Social Sciences Book Reviews (page 628)

Released: May 23, 1991

"As it stands, readers are left to conclude for themselves from these stories how honest to be with their children, and when."
Motivated by her discovery as an adult of significant secrets her mother had kept from her (a previous marriage, her father's serious illness), Webster, a Massachusetts journalist, here collects stories of other ``adult children'' who were shielded or deceived by their parents. Read full book review >
Released: May 22, 1991

"Powerful, angry, and maybe influential."
``Being a woman...makes you hungry, weak, and sick,'' says Wolf, a British scholar, journalist, and poet who argues that the contemporary myth (meaning false ideal) of beauty—youthful, slender, flawless—was invented by a male power structure in order to prevent women from fulfilling the feminist ideals of the 70's. Read full book review >

Released: May 20, 1991

Following up his 1990 history of First Ladies prior to 1961, Anthony now tracks the Presidents' wives as they flexed their political muscle more openly and encountered more controversy in the age of mass media. Read full book review >
BY HER OWN HAND by Signe Hammer
Released: May 14, 1991

"A harrowing tale of survival in a truly dysfunctional family."
One woman's attempt to comprehend and ultimately learn to live with the fact of her mother's suicide. Read full book review >
Released: May 13, 1991

"Funny, warm, sad, and informativejust the sort of rich memoir that animal-lovers enjoy."
With deftness, wit, and charm, Ure, a former journalist and Disney animal trainer, writes of the Utah predatory bird rehabilitation project begun in 1973 by him and his wife, Stel. Read full book review >

Released: May 13, 1991

"An imaginative, spellbinding work that reminds us that history is more art than science."
Here Schama (Citizens, 1989, etc.; History/Harvard) compellingly re-creates two historic deaths, both linked to the Parkman dynasty of Boston, by these contrasting re-creations and explores "the teasing gap separating a lived event and its subsequent narration." Read full book review >
Released: May 10, 1991

"Okay, but not as appealing as Joan Leonard's Tales from Toddler Hell (reviewed above)."
Yet another humorous, sometimes tear-spattered account of the joys and tribulations of first-time motherhood, this one by the author of How to Honeymoon (1986). Read full book review >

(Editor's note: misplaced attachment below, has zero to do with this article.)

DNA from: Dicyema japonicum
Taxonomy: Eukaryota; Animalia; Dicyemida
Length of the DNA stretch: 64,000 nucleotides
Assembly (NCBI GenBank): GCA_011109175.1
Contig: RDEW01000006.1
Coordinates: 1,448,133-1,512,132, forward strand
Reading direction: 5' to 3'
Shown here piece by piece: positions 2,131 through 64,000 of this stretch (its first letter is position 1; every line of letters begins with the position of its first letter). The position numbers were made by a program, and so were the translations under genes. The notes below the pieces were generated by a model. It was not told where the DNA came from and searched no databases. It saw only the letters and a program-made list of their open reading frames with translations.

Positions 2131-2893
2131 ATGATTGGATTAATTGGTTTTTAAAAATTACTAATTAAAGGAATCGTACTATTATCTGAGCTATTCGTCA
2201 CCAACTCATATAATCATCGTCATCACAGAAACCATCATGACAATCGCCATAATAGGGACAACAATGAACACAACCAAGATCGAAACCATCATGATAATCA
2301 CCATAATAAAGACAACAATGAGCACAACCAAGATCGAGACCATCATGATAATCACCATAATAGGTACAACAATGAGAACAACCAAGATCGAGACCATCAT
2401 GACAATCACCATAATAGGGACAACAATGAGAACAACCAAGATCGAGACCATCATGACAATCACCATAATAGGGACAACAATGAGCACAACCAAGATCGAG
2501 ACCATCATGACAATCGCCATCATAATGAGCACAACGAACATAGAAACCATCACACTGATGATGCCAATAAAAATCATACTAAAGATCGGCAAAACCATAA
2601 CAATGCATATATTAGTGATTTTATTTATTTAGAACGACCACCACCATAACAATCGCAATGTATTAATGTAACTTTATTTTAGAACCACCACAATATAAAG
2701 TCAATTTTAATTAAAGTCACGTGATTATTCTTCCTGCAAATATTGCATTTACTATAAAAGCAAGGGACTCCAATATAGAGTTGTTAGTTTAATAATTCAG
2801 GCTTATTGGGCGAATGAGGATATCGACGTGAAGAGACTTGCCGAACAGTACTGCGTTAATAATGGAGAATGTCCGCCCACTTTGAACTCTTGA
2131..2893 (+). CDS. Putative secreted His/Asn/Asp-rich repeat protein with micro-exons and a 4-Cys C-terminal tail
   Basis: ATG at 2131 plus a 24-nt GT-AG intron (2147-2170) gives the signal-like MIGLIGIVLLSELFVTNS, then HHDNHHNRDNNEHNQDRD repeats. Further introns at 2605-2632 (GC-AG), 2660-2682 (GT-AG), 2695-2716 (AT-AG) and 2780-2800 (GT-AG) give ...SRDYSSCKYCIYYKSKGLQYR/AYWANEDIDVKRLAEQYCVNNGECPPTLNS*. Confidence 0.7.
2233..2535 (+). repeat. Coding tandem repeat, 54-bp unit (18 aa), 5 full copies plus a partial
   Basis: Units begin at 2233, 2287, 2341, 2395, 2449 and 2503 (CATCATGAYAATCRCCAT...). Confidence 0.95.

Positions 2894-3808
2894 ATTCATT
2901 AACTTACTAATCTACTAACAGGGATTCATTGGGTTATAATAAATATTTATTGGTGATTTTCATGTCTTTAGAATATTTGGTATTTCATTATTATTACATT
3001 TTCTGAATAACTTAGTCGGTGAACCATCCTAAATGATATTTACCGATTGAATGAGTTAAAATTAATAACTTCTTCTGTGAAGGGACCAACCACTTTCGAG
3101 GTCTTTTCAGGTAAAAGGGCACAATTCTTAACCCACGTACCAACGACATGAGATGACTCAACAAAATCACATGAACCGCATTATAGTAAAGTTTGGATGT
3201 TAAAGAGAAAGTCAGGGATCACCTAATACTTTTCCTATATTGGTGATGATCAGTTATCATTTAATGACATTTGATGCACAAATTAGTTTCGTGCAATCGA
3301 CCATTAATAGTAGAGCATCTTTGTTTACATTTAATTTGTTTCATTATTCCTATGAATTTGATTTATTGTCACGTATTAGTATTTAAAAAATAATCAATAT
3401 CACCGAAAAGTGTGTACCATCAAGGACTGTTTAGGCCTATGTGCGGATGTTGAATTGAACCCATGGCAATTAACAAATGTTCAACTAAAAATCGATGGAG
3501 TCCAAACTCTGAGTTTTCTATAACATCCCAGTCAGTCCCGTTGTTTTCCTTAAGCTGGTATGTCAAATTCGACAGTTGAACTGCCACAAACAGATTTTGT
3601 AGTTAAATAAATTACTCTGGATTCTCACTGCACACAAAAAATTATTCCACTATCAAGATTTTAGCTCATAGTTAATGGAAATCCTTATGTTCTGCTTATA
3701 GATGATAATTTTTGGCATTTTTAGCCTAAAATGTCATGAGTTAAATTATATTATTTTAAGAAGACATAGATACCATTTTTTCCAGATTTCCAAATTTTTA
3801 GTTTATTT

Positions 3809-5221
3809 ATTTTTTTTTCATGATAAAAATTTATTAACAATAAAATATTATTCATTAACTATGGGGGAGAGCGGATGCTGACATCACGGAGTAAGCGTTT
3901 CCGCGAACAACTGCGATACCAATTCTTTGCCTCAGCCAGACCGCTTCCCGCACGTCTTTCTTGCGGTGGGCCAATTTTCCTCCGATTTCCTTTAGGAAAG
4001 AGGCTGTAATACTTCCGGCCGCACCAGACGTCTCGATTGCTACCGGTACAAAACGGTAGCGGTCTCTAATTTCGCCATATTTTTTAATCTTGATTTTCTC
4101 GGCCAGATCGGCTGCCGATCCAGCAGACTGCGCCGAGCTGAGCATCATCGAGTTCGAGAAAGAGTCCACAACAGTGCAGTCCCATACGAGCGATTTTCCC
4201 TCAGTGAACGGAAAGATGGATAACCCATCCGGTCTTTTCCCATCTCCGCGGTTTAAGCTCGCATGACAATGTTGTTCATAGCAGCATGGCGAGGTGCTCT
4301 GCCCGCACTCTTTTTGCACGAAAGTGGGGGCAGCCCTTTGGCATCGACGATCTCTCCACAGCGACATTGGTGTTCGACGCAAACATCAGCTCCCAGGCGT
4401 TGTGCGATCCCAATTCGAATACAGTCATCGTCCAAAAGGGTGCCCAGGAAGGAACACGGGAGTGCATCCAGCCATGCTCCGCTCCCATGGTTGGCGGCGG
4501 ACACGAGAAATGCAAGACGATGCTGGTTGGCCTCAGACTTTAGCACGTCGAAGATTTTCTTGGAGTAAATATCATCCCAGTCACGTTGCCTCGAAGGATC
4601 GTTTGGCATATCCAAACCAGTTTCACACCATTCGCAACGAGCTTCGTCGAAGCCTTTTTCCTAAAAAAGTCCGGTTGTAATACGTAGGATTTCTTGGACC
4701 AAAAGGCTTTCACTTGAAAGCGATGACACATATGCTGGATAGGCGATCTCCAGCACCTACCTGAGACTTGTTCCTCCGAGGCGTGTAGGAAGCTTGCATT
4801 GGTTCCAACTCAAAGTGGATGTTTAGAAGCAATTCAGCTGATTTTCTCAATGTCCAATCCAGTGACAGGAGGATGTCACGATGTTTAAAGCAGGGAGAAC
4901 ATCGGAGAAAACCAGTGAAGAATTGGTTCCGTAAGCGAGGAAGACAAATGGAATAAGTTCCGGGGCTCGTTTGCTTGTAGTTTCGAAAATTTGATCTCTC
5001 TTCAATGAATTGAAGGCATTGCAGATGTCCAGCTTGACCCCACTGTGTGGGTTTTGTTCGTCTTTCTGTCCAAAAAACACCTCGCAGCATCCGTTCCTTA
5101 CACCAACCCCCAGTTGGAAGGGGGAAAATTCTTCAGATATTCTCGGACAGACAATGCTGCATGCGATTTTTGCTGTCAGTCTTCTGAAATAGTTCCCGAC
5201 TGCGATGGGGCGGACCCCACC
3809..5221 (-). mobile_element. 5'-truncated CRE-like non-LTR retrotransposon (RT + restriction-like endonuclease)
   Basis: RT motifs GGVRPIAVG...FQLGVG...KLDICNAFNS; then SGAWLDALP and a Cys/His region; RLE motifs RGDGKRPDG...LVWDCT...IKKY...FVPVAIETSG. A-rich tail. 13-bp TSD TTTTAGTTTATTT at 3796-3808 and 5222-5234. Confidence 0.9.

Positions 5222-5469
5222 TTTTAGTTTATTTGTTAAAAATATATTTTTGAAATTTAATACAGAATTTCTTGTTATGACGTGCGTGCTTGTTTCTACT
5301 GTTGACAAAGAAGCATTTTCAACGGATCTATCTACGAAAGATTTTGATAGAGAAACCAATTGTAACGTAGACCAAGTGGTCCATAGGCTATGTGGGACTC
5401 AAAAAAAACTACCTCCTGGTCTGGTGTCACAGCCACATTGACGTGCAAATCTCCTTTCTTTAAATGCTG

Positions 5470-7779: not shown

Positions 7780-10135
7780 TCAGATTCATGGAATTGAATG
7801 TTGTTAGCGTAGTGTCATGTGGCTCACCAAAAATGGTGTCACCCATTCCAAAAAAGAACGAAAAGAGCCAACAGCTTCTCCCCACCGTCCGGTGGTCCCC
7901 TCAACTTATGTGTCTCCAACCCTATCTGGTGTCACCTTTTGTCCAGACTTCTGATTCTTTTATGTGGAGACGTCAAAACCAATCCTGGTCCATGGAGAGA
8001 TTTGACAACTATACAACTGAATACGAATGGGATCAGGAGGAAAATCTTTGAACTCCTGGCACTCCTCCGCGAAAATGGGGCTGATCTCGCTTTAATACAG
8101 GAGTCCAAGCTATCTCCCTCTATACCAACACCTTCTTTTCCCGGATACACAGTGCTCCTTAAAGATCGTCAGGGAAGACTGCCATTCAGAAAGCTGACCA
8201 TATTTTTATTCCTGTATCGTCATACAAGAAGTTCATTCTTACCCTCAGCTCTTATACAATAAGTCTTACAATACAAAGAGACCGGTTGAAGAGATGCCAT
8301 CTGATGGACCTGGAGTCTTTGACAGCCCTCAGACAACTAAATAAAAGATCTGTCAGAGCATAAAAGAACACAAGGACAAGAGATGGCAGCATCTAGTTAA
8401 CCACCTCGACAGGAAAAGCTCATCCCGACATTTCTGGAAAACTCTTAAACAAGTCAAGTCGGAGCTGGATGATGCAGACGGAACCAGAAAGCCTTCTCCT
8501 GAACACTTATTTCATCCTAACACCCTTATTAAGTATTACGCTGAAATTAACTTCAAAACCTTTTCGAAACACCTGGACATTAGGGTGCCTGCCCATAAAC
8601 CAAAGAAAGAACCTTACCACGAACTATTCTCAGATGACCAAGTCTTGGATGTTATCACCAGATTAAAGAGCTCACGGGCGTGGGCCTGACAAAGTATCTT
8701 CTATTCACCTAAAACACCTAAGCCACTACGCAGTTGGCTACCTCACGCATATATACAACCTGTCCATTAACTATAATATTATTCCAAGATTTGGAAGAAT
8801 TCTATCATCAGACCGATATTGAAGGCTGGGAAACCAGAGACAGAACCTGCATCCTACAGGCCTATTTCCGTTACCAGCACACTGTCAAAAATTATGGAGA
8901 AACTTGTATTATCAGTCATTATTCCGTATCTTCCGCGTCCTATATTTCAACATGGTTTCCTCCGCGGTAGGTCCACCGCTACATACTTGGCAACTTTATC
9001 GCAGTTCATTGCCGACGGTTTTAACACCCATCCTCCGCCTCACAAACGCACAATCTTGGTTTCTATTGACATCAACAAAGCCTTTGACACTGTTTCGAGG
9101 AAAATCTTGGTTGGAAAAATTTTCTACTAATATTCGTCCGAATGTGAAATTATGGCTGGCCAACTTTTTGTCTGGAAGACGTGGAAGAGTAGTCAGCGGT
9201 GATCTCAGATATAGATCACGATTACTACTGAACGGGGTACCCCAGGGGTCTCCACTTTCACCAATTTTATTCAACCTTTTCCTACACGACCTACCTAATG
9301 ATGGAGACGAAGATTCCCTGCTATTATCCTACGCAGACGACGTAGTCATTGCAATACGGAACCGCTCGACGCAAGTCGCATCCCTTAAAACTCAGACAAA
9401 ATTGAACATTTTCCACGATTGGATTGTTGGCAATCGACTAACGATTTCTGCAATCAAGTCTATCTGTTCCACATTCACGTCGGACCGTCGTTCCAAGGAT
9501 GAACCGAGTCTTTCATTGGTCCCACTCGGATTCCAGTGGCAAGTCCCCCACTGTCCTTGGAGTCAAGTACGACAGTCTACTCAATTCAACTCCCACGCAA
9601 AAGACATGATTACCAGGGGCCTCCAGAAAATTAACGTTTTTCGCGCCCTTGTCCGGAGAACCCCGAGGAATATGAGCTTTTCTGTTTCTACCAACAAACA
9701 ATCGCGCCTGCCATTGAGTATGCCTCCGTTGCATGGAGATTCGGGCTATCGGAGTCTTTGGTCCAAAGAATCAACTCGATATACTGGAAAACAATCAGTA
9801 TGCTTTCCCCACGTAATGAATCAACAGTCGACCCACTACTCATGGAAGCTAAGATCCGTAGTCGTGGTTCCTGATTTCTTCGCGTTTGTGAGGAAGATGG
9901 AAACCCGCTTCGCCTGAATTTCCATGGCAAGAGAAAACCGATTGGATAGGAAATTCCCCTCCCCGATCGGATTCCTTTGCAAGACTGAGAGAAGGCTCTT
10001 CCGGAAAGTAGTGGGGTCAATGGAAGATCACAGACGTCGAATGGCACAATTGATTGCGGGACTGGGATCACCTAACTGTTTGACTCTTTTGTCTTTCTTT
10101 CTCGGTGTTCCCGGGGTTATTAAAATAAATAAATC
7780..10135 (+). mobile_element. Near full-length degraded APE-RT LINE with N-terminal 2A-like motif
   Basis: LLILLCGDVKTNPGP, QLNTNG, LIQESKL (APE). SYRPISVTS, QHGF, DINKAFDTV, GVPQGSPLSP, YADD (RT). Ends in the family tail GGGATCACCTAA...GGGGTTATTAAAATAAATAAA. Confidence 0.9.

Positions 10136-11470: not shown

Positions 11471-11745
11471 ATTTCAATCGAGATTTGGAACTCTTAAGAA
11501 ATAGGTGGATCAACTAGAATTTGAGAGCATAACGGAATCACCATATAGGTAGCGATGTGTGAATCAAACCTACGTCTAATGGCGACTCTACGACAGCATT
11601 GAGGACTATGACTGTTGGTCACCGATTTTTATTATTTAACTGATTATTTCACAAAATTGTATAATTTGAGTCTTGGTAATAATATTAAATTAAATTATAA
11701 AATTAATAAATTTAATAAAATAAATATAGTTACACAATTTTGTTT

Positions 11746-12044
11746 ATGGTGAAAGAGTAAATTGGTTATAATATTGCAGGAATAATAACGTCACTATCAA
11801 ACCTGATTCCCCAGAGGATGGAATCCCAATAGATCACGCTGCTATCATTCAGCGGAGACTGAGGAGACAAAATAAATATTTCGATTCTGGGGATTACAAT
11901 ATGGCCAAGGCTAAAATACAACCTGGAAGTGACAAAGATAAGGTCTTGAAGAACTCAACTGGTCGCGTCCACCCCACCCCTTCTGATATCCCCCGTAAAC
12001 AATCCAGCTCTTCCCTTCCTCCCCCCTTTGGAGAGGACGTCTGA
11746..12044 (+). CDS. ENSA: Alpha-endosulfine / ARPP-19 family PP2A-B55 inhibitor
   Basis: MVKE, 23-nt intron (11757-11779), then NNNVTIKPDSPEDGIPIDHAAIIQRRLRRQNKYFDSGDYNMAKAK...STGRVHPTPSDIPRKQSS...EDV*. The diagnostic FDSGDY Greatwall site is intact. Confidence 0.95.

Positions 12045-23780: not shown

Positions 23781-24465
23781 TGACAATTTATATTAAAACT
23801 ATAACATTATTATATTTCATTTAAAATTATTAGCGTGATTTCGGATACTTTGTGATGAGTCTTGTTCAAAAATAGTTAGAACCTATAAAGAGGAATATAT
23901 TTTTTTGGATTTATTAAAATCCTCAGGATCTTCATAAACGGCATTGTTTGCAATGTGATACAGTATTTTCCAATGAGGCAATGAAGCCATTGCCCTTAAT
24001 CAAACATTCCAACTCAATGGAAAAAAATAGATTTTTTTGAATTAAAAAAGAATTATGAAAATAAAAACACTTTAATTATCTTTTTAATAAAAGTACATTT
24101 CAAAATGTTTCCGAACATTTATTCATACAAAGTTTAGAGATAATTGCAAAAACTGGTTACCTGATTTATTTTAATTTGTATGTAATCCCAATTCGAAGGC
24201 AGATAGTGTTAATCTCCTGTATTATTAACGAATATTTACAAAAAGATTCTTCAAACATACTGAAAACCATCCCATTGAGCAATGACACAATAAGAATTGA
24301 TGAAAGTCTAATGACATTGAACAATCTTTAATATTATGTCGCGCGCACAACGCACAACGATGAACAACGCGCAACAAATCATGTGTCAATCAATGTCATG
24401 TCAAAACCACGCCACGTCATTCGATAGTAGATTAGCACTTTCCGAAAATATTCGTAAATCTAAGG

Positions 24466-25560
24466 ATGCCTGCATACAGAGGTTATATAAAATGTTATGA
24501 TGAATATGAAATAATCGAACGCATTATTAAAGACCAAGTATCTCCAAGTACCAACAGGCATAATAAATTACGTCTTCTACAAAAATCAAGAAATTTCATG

Released: May 9, 1991

"Despite some uneven narrative, then, a delightful, weird and invaluable document with the informative and cynical charm of a good Mondo movie. (Eight-page photo insertnot seen.)"
An exhaustive, 479-page foray into Japan's modern sex customs that fluctuates between a scholarly history and a ``nasty travelogue'' of kinky rituals characteristic of the country's ``water trade.'' Bornoff, a British free-lance journalist, lived for 11 years in Tokyo during the late 1970's and 80's. Read full book review >
Released: May 8, 1991

"No Whitmanesque sentimentality here, but a jaunty, perceptive, and remarkably assured report on the American Dream today."
Can the US still produce ``some fantastic reversal of fortune, some miraculous transfiguration'' for those who migrate to its shores? Read full book review >
Released: May 1, 1991

"Back to the Middle Ages with you, Rifkin, and see if you really like the common life."
It's been downhill all the way for 400 years, says Rifkin (co-author, The Green Lifestyle Guide, 1990, Entropy, 1980, etc.), in this latest jeremiad on modern times. Read full book review >
Released: May 1, 1991

"This bland but warm account won't lose him any."
A pleasant account of the pleasant life of an elder statesman of international economics. Read full book review >
Released: May 1, 1991

"Second-drawer Rule, but shocking and juicy nonetheless."
Child abuse, adultery, and murder permeate this potentially gripping but overwritten southern California crime story from the best-selling author of Small Sacrifices, The Stranger Beside Me, etc. David Brown was the consummate Eighties entrepreneur: a computer wizard with his own business, plenty of cash, and a home in Orange County's conservative enclave. Read full book review >
Kirkus Interview
Pierce Brown
author of GOLDEN SON
February 17, 2015

With shades of The Hunger Games, Ender’s Game, and Game of Thrones, Pierce Brown’s genre-defying Red Rising hit the ground running. The sequel, Golden Son, continues the saga of Darrow, a rebel battling to lead his oppressed people to freedom. As a Red, Darrow grew up working the mines deep beneath the surface of Mars, enduring backbreaking labor while dreaming of the better future he was building for his descendants. But the Society he faithfully served was built on lies. Darrow’s kind have been betrayed and denied by their elitist masters, the Golds—and their only path to liberation is revolution. “Stirring—and archetypal—stuff,” our reviewer writes. View video >